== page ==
Here’s Looking At You, 2018

250 million connected vehicles will transverse our roadways by 2020 according to Gartner.  By 2040 it is anticipated that autonomous vehicles (AV) will represent 25% of all vehicle traffic.   All of this will be supported by infrastructure that will accommodate connected and non-connected vehicles as well as a mix of self-driving with human driven cars, while trying to connect all of the preceeding to bikes, pedestrians and commercial vehicles that includes drones.

Laws and procurement policies will change faster than ever and regional cooperation will be essential to daily activity.  Cities leading this metamorphous will reap huge economic benefit by attracting human capital and technology companies, while those who lag may never fully recover.  Insurance will change, and there will be drama.  This past March we saw a self-driving Uber vehicle get into a three-way crash in Temple, Arizona.  How is that for uncomfortable? Uber temporary ceased self-driving activity.

While managing all of this as well as todays issues, municipalities must also be ready for 5.9 GHz (DSRC) vehicle communication that may be replaced by 5G before it starts.  Data storage and cyber security will come from nowhere to catapult to the top of traffic department priorities over the next five years.

The National League of Cities (NLC) released “Autonomous Vehicles: A Policy Preparation Guide” in April of 2017 predicting that cities must be ready with “scalable, highly-resilient cloud-based infrastructures” and be ready to accommodate “broadband needs of a mixed AV transit system” to be prepared for the future.   The same NLC report suggests “negotiating matching loans with state infrastructure banks” to create infrastructure investment and that cities must be aware “their wireless broadband needs will grow exponentially and understand their infrastructure will need to constantly be updated” will be the new normal.  They suggest “Additionally, cities need to carefully consider requirements around keeping data safe and protecting against cybersecurity threats, as well as budget for the infrastructure necessary to securely store it”.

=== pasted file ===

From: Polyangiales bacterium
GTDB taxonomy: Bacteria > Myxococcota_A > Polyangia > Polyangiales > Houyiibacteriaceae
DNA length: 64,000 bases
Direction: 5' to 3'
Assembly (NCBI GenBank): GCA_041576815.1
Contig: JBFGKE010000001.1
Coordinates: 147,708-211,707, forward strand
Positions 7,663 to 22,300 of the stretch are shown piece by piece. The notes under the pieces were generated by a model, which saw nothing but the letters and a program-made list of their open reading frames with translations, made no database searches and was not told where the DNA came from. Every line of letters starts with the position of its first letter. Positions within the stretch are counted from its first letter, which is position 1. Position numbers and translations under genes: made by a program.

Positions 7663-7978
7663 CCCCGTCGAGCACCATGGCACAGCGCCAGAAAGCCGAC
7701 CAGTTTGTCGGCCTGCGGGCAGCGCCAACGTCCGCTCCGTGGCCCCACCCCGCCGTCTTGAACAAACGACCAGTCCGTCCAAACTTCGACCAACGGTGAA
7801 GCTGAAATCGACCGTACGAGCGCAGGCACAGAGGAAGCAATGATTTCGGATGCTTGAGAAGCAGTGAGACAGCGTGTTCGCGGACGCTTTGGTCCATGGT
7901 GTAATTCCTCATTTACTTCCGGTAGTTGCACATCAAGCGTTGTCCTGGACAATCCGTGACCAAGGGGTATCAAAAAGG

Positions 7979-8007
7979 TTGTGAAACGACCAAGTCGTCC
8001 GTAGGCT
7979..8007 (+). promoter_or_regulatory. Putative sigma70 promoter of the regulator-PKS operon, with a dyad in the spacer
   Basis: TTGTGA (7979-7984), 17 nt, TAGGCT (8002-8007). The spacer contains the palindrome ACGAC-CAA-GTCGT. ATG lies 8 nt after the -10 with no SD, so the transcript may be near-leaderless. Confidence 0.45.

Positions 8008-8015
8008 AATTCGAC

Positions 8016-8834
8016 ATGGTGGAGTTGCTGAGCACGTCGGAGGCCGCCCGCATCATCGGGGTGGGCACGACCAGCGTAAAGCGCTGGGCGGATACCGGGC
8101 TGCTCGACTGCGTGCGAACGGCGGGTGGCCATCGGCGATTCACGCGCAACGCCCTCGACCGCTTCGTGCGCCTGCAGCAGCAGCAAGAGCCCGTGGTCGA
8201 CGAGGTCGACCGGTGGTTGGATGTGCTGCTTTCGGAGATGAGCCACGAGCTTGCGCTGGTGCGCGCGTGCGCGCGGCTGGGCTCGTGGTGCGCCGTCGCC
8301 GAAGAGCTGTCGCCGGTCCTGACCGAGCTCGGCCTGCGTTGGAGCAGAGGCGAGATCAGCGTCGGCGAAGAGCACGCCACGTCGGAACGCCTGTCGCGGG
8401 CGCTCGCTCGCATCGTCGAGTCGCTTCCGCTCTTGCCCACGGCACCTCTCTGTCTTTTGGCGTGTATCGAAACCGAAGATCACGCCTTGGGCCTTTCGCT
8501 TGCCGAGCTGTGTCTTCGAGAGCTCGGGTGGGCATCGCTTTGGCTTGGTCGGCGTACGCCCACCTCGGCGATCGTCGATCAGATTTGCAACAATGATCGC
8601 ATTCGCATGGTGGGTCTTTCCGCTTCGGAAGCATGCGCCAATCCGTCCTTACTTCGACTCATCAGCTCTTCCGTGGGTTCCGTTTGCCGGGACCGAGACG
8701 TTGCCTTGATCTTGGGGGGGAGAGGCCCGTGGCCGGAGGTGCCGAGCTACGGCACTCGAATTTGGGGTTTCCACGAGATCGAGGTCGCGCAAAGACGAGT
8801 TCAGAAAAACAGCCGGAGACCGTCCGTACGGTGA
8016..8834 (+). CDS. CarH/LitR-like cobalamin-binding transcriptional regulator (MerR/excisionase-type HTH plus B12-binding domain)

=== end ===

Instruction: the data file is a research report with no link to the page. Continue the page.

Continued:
And then, there will be new challenges such as curb management.  According to Governing Magazine, America’s 25 biggest cities collected nearly $5 billion in car revenue in 2016.  This is primarily from parking and works out to be about $129 per resident.  If that goes away with shared mobility, what happens to services? By-the-way, who is responsible for updating maps for self-driving cars?

What is a Traffic Professional to do?

It seems, a sensible avenue to begin the journey is to rely on trusted partnerships.  Relationships where your collaborators watch out for your best interest and focus on doing the right thing rather than the easy, trendy or selfish thing.    Connections where the collaborator works hard in delivering you great product and information that will be Flexible enough to evolve as technology and policy does.

GRIDSMART would like to be that partner.  Do we have all the answers?  Hell no!

What GRIDSMART does have is a Company built on principles.  Simple.  Flexible.  Transparent.  It all means doing the right thing, every time.  Some companies are built on innovation and others on profitability.  That creates behavior incentives for each such company.  When the core value is doing the right thing, behavior is, well Simple.  GRIDSMART won’t have all the answers, but we will partner and collaborate in 2018 to deliver the best we can and tell you honestly when we just don’t know.  We will invest in delivering the right answers.  We will of course also invest in delivering the right products for your future.